Two University of Lincoln professors will help develop software and research for a £7.2 million project to build specialist robots that will learn how to act intelligently from experiences in real-world environments.
The Spatio-Temporal Representations and Activities for Cognitive Control in Long-term scenarios (STRANDS) project involves security company G4S Technology and the Academy of Ageing Research, an Austrian care home provider where the technology developed throughout the project will be tested.
Professor Tom Duckett and Dr Marc Hanheide from the University of Lincoln’s School of Computer Science have been awarded £750,000 in funding from the European Union’s Seventh Framework programme led by the University of Birmingham.
The aim of the professors’ research will be to create mobile robots capable of operating intelligently based on an understanding of 3D space and how this space changes overtime.
The professors are tasked with developing the software to process the sheer volume of experiences the robots will face.
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Professor Ducket, Director of the Lincoln Centre for Autonomous Systems Research, will lead the research on creating 4D maps (3D mapping over extended time periods) of the environment and investigate methods for detecting changes and unusual situations.
He said: “The idea is to create service robots that will work with people and learn from long term experiences. What’s unusual about any environment depends on the context.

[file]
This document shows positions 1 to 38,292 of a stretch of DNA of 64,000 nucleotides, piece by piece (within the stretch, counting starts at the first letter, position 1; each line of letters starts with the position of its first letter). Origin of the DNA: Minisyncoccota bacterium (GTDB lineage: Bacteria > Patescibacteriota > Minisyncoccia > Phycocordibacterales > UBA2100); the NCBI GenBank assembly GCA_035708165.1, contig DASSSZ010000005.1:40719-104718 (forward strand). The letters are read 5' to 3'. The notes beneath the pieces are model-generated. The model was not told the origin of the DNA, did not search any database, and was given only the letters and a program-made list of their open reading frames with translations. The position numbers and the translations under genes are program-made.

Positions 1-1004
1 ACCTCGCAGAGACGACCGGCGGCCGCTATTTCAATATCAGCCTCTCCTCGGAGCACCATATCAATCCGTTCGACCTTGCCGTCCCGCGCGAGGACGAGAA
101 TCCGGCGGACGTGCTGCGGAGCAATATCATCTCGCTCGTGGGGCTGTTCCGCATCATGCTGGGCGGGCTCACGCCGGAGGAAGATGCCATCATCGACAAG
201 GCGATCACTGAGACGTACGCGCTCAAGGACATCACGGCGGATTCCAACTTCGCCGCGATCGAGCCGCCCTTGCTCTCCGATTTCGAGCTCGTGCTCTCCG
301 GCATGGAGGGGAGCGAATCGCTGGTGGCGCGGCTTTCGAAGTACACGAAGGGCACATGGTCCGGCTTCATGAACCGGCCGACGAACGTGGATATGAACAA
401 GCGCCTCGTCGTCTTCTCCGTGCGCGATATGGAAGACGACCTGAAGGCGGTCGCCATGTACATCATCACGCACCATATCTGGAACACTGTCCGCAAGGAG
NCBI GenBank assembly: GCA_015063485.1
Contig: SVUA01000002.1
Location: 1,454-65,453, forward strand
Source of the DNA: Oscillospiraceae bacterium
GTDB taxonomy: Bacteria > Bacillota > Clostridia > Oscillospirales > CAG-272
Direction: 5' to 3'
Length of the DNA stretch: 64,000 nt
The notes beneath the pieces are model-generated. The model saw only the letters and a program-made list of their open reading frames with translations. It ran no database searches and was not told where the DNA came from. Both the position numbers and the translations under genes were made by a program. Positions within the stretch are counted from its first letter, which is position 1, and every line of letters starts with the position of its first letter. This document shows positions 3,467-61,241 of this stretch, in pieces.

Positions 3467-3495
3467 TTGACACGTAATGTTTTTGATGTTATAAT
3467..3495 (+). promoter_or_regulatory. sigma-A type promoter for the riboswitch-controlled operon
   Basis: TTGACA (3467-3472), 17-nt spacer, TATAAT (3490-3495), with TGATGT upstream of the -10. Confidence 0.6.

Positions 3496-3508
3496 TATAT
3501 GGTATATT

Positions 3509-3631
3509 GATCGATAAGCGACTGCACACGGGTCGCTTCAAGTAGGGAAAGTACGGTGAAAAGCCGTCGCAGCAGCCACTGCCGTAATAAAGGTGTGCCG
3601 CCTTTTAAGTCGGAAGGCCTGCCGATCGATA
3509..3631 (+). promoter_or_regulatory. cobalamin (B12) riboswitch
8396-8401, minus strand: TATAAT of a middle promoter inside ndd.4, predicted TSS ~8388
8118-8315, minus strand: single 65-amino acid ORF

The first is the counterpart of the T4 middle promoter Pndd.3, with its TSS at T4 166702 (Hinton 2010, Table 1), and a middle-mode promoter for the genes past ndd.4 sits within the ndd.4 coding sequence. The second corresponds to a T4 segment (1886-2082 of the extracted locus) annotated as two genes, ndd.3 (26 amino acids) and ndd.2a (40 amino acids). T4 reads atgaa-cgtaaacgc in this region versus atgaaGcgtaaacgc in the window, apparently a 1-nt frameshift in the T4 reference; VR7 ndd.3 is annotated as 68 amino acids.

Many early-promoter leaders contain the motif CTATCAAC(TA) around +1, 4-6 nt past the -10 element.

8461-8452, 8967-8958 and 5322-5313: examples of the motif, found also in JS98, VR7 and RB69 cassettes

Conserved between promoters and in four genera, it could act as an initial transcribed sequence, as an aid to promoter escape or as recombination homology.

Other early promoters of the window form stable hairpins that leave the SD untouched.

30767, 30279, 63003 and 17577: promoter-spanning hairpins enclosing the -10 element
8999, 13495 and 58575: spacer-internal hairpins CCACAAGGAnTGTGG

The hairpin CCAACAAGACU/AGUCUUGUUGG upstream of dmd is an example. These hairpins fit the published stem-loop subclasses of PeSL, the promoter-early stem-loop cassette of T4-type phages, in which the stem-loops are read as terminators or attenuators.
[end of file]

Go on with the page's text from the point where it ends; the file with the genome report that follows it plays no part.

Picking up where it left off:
“In a security scenario a robot will be required to perform regular patrols and continually inspect its surroundings for variations from its normal experiences.
“Certain changes such as finding a person in a restricted area may indicate a security violation or a burglary.
“In a care home a robot will be required to act as an assistant for elderly patients, fetching and carrying things while also being alert to incidents such as people falling over.
“It’s not just about developing a care home or security robot. We are trying to enable robots to learn from their long term experience and their perception of how the environment unfolds in time.
“The technology will have many possible applications,” Professor Ducket explained.
Not only will the robots require an understanding of the environment around them, they will also need to understand person detection, tracking and activity recognition.
Dr Hanheide, with a background in Artificial Intelligence, will take charge of researching how robots gather and process information about their surroundings and apply this knowledge to interact appropriately with human users.
Dr Hanheide spoke of aiming to develop robots that can develop a “common-sense attitude” on how the world should be and be able to identify deviations:
“The robots are curious to learn about the environment – they will see if something has changed and whether that’s a one off or a regular occurrence. Our robots will be active for long periods in dynamic and changing environments.”
Current industry robots can run for 24 hours a day in well-controlled environments but these robots do not adjust or improve due to a lack of understanding of their long term experience. Cognitive robots can learn and adapt, but most are used for singular experiments.
“We want to build a bridge between the two by creating robots that can run for long periods of time and also make use of life-long learning capabilities to adapt to the needs of different users.”